Finding work used to be largely a question of whom you knew. For decades, that was how people got a foot in the door. Candidates then usually faced an interview, where a manager would try to get a feel for them. All too often this translated into a single basic judgment: is this person like me (or others I get along with)? The result was a lack of opportunity for job seekers, especially if they came from a different race, ethnic group, or religion. Women also found themselves excluded by this insider game.

Today, human resources managers rely on data-driven algorithms to help with hiring decisions and to navigate a vast pool of potential job candidates. These software systems can in some cases be so efficient at screening resumes and ‘evaluating’ people that over 70 per cent of CVs are weeded out before a human ever sees them. But there are drawbacks to this level of efficiency. Man-made algorithms are fallible and may inadvertently reinforce discrimination in hiring practices.

Any HR manager using such a system needs to be aware of its limitations and have a plan for dealing with them as in affect, algorithms are, in part, our opinions embedded in code. They reflect human biases and prejudices that lead to machine learning mistakes and misinterpretations.

This bias shows up in numerous aspects of our lives, including algorithms used for electronic discovery, teacher evaluations, car insurance, credit score rankings, and university admissions. At their core, algorithms mimic human decision making. They are typically trained to learn from past successes, which may embed existing bias.

However, it was all created with the best intentions in mind. By having computer programs sifting through thousands of CVs or loan applications in a second or two, putting the most promising candidates at the top, did not only save time but it was also marked as a fair and objective way of doing things. After all, it didn’t involve prejudiced humans digging through reams of paper, just machines processing cold numbers.

As this trend quickly became the norm, mathematics was asserting itself as never before in human affairs, and the public largely welcomed it. The goal was to replace subjective judgments with objective measurements in any number of fields – whether it was a way to locate the worst performing teachers in a school or to estimate the chances of a person staying in his job for more than a year.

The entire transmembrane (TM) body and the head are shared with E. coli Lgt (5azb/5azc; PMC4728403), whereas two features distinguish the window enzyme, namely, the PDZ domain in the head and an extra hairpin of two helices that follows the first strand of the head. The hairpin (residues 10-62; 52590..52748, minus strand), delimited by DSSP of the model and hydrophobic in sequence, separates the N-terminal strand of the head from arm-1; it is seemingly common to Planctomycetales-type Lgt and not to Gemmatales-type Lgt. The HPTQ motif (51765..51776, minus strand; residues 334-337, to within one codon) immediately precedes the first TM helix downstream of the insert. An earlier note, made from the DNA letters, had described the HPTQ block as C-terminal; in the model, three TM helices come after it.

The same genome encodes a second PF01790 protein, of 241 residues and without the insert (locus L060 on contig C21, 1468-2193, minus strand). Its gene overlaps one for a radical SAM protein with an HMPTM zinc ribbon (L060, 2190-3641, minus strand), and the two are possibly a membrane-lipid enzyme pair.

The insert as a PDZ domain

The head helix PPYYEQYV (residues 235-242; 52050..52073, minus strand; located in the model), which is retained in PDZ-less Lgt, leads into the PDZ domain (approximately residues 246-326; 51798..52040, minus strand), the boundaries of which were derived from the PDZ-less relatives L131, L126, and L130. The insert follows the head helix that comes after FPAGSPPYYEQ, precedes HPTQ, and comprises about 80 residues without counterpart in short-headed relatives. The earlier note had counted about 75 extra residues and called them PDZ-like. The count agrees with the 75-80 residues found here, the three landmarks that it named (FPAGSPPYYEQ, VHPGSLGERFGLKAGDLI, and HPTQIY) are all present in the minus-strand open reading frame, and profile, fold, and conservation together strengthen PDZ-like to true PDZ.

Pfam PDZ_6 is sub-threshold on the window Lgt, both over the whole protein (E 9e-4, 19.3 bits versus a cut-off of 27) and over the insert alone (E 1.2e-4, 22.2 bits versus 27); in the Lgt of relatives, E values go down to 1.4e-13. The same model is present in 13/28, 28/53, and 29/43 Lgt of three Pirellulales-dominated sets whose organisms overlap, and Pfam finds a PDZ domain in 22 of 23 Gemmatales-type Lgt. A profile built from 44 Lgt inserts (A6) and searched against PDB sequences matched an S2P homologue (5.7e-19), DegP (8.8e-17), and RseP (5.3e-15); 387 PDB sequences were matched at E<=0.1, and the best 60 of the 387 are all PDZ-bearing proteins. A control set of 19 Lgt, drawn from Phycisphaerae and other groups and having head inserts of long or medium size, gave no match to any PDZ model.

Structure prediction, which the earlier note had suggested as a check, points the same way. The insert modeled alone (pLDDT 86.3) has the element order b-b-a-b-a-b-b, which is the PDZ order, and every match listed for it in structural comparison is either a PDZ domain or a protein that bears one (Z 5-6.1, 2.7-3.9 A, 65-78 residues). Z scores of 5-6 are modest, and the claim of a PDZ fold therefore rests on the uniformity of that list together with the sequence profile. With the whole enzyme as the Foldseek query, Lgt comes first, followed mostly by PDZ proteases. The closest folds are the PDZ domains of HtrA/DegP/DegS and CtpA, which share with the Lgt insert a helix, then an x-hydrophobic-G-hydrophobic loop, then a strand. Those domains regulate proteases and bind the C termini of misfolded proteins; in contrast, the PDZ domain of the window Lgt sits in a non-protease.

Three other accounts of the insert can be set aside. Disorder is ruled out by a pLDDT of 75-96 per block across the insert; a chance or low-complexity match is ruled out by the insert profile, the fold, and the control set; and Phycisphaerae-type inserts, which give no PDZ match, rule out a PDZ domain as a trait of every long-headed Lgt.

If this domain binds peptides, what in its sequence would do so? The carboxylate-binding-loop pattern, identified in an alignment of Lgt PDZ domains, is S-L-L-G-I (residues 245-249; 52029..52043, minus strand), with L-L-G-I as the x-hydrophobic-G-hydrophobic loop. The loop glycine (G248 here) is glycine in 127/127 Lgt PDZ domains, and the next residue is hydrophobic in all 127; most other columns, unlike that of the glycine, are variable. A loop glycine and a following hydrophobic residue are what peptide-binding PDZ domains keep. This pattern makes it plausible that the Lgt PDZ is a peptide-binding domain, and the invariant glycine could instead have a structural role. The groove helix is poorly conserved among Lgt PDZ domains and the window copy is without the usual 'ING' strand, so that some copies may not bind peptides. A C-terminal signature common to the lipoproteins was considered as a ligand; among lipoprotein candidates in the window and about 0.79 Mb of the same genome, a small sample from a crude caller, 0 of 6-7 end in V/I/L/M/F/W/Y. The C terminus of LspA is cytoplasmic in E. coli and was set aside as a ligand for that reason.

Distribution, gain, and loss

But although their popularity relies on the notion they are objective, algorithms that power the data economy are based on choices made by fallible human beings. And, while most of them are made with good intentions, the algorithms encode human prejudice, misunderstanding and bias into automatic systems that increasingly manage our lives. As mentioned before, these mathematical models are opaque, their workings invisible to all but the highest priests in their domain: mathematicians and computer scientists. Their verdicts, even when wrong or harmful, are beyond dispute or appeal.

As a result, there’s enormous opportunities for manipulation in big data, and there’s something to be said to remain a bit skeptical and vigilant about this process. Biases and prejudices will most likely continue to play a role in recruitment processes, whether its algorithmic or human methods. But as big data, machine-learning algorithms, and people analytics take on a larger and more influential role in recruiting, it is reasonable to question to what degree we can really rely on technology.

It may be possible to predict what personal attributes would be required for success in a role but can we really write an algorithm that can determine the potential to succeed in a future we don’t yet understand? Should we continue to rely on the human approach, riddled with bias and a poor record of decision making? Perhaps the answer sits in the middle.

Written by Alex Kostin at